Off-Licence Saved from Revocation
Published: 21 October 2013
Whether you agree with the practice employed by Trading Standards officers to make undercover test purchases to catch out the unwary, it remains a tried and tested way for local councils to ensure that their licensees are complying with the law.
Our client fell foul of the licensing objective of "protection of children from harm," and failed 3 out of 4 test purchases carried out over a 4 year period at his supermarket and off-licence in London. Local Authority Trading Standards sent in several police cadets who were aged 16-17 years old to buy alcohol and each time (bar one) the licensee or his staff failed to ask for proof of age and made an illegal sale to a minor.
On the last occasion however the licensee stopped the undercover customers, asked how old they were, and reversed the sale. By then, however, technically the sale had taken place. Trading Standards argued that in a real life situation the youths might simply have run off with the alcohol.
So far so bad, but in his favour, the licensee had taken significant steps in recent months to tighten up his Challenge 25 procedures, had a petition of more than a hundred signatures in support and had gained considerable respect in his local community. Letters of support stated that this shop not known for underage drinks sales (one mother said that friends of her 16 year old son knew that this was not the shop to go to if they wanted alcohol - although they knew one around the corner that was).
Another mother said that her teenage daughter sought refuge in the off-licence when she was being followed and was protected by staff. Supporters wrote in to say that they'd never seen an underage sale take place in the shop but had witnessed refusals. What's more, a few years ago one member of staff was beaten up and hospitalized by a youth for refusing to make an underage sale.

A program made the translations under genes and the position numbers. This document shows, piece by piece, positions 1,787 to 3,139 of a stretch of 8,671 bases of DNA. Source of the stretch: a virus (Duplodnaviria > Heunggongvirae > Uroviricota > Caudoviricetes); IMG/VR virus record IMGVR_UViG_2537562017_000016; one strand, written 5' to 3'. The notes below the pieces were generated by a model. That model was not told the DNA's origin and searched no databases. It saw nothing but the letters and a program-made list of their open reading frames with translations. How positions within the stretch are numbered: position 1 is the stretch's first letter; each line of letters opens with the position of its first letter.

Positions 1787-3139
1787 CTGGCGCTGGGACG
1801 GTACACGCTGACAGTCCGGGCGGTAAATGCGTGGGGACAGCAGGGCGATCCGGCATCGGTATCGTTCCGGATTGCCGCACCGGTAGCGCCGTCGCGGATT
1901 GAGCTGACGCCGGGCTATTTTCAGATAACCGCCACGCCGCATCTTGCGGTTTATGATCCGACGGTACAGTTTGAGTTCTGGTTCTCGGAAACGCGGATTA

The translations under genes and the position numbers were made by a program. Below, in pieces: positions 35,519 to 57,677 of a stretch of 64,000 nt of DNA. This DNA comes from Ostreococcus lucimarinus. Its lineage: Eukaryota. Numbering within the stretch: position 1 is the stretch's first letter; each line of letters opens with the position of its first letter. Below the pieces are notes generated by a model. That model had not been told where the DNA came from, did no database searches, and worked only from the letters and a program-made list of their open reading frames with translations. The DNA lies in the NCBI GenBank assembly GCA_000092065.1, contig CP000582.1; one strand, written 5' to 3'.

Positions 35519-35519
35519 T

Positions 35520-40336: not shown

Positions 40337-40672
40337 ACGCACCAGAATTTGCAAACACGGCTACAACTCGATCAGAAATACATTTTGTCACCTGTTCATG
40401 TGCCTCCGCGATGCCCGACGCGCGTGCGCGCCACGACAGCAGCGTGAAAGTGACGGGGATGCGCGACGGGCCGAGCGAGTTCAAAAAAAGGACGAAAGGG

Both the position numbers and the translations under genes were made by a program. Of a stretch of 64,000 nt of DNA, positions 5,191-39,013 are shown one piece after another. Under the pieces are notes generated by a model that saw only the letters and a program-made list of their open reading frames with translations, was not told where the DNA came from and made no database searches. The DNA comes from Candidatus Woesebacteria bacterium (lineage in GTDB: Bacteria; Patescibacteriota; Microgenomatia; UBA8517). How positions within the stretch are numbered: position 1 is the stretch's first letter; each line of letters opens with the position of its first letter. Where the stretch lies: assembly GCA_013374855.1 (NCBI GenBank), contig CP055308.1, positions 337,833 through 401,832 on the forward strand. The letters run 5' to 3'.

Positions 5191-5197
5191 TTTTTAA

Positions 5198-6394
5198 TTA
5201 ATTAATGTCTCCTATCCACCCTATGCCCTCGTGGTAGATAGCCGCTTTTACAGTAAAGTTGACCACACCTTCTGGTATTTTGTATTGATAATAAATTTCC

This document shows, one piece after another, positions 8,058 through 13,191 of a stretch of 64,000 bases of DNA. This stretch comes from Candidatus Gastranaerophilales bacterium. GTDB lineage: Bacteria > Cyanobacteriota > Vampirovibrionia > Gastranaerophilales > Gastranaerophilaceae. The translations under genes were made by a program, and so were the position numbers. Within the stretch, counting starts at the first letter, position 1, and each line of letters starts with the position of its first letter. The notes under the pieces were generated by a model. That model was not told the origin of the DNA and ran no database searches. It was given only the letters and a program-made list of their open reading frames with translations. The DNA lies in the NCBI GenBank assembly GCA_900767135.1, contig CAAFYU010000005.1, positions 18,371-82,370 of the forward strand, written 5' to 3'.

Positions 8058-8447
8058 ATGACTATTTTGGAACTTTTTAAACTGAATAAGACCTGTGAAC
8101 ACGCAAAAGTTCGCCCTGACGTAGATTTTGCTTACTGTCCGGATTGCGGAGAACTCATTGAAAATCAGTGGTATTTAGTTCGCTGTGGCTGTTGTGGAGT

We were able to show the Licensing Committee new and improved staff guidance and training procedures. Importantly, the licensee held his hands up and admitted that there had been mistakes.
In the circumstances we managed to argue that a revocation was too severe a penalty. However as a salutary warning to other licensees in the area the Committee decided to suspend the licensee's premises licence for 3 months.
A cautionary tale then. Whereas our client did not lose his livelihood as other off licences in the area had, he faces the penalty of 3 months without alcohol sales.
It's a criminal offence to sell age restricted products such as alcohol to an under 18 year old. Various sanctions apply with fines.
There is nothing in law making shops demand to see ID for anyone who looks under 25, but if this is a condition on the premises licence and it is not followed then this is a breach of licensing conditions, the sanctions for which include a review in front of the Licensing Committee who can decide that the licence be suspended or even revoked, and further conditions can be added to the premises licence.
If a licensee fails 2 test purchases within a period of 3 months, this is classed as persistently selling alcohol to children. If prosecuted, then the maximum fine is £20,000. There is the option of a period of "voluntary" stop on alcohol sales agreed with Trading Standards or the Police, instead of prosecution, with the period being a maximum of 2 weeks. There is a possibility that there could be a review of the Premises Licence.
Applying the basic principles of Challenge 25 is not difficult and can make the difference between keeping a licence and losing it.
Here at Fletcher Day we are happy to provide training on age restricted products, and help you to assess your procedures to check that you are not putting your livelihood at risk.
If you are facing a review of your premises licence you can instruct us to help by clicking here. if you wish to ask us any question about licensing law or issues that you are having with your (or someone else's) licensed premises, please click here.
The contents of this article are intended for general information purposes only and shall not be deemed to be, or constitute legal advice. We cannot accept responsibility for any loss as a result of acts or omissions taken in respect of this article.